Comedy, I’ve always felt, works best in small packed clubs, with a low ceiling and a busy bar and a general buzz about the atmosphere. Move it to the wide open expanses of a three tiered theatre with the audience sitting in uniform rows, and it’s a rare comedian who can make the experience seem as intimate and personal. Dara O’Briain is one of that rare breed.
His is a rise to the top that took me rather by surprise. Living in Ireland, as I did, for four years, I first encountered him as the presenter of the RTE topical entertainment show The Panel, at which time his name would have meant nothing to most people on this side of the Irish Sea. But a couple of appearances guest-presenting HIGNFY changed all that, and suddenly he was a household name with his own BBC panel show and a thriving career, and now, just a few years later, not only is he selling out huge theatre tours, but people are even starting to learn how to pronounce his surname properly.
What makes O’Briain a great stand-up is the same quality that makes him a great topical TV show presenter, it’s his quickness of brain which allows him to probe any topic thrown at him and quickly find the funny within. He has also been blessed with a physical form which might be a disadvantage in any other line of work, but part of what makes him so funny is that his material consists of the last things you would expect to emerge from a prematurely balding six feet four walking giant with the grace and stylish appearance of an assistant bank manager.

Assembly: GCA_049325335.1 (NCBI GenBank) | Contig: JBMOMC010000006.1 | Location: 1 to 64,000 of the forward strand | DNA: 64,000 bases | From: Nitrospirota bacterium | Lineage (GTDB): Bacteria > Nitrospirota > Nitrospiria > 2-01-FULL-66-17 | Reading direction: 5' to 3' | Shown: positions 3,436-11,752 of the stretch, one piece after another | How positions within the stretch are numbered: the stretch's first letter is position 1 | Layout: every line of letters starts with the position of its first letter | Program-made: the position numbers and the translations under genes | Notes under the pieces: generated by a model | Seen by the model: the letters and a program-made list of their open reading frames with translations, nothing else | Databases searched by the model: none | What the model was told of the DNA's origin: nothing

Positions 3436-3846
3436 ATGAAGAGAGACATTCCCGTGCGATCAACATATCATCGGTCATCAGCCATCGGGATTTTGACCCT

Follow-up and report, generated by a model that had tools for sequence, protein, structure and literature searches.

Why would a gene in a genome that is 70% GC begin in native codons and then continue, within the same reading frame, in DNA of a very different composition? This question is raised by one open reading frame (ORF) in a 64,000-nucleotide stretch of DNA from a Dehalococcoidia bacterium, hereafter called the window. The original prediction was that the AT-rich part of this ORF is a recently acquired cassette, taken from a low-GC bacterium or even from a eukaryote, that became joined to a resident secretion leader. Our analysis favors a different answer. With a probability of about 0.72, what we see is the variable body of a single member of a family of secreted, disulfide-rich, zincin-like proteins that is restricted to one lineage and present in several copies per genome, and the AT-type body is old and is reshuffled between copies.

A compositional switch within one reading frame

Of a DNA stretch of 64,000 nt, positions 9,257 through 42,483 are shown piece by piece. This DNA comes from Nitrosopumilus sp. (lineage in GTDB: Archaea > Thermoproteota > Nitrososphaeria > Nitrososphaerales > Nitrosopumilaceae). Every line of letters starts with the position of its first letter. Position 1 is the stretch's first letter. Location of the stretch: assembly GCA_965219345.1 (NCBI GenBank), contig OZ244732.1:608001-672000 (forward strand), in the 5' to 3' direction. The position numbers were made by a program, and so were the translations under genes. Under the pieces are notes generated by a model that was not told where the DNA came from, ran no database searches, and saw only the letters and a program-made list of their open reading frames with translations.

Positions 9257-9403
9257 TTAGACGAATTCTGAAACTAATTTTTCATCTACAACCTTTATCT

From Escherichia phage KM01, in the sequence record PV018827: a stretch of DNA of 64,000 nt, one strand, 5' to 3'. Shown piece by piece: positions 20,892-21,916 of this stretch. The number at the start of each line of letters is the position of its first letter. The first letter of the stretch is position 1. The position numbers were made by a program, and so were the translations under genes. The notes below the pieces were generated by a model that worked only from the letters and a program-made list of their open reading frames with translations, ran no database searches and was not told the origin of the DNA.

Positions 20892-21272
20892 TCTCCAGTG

Of course, he has also been blessed with that other great comedy attribute of his race, the lilting east-coast Irish accent that can take even the foulest obscenity and make it sound like poetry in your ears. Ireland has always punched above its weight in comedy terms, and Dara makes a fine continuation of that tradition.
He tells the audience that he considered naming the show “You Had To Be There,” as a reference to those moments of hilarity in life that suffer in the re-telling. The idea being that unlike going to see a movie, every night of a comedy show is unique and, if the comedian is good enough and allows it to progress naturally, will go off in its own never-to-be-repeated directions.
And that’s exactly what happens. There is a clear structure to the show, and a number of obviously well-rehearsed routines, laying into homeopaths and nutritionists as being no better than witch doctors, or discussing why obviously one-sided issues on news programmes are forced to show the other side for “balance.” A lengthy routine about boat tours visiting the homes of the rich and famous in Florida, and the excitement of the famous being counteracted by the disappointment at the merely rich, ends in a gloriously surreal moment after which you will never be able to hear “The Rhythm Is Gonna Get You” and think of Gloria Estefan in quite the same way again.
But these are enhanced by the often inspired rants prompted by his randomly chosen audience victims, on this night a hospitality management teacher, a have-a-go anti bicycle-theft warrior and a man who manages the electrical and entertainment department at Tesco. All are deftly dealt with in a manner which is mocking but never crosses the line into causing offence.
O’Briain’s rise to the top of the tree may have been comparatively swift, but one cannot imagine him taking the Russell Brand, Eddie Izzard, Lee Evans route of Hollywood glitz and glamour. He is too much of a down-to-earth guy, his feet are too firmly fixed on the ground. And that’s good news for us, because it means we can look forward to seeing him making these same packed houses laugh like eejits for many years to come.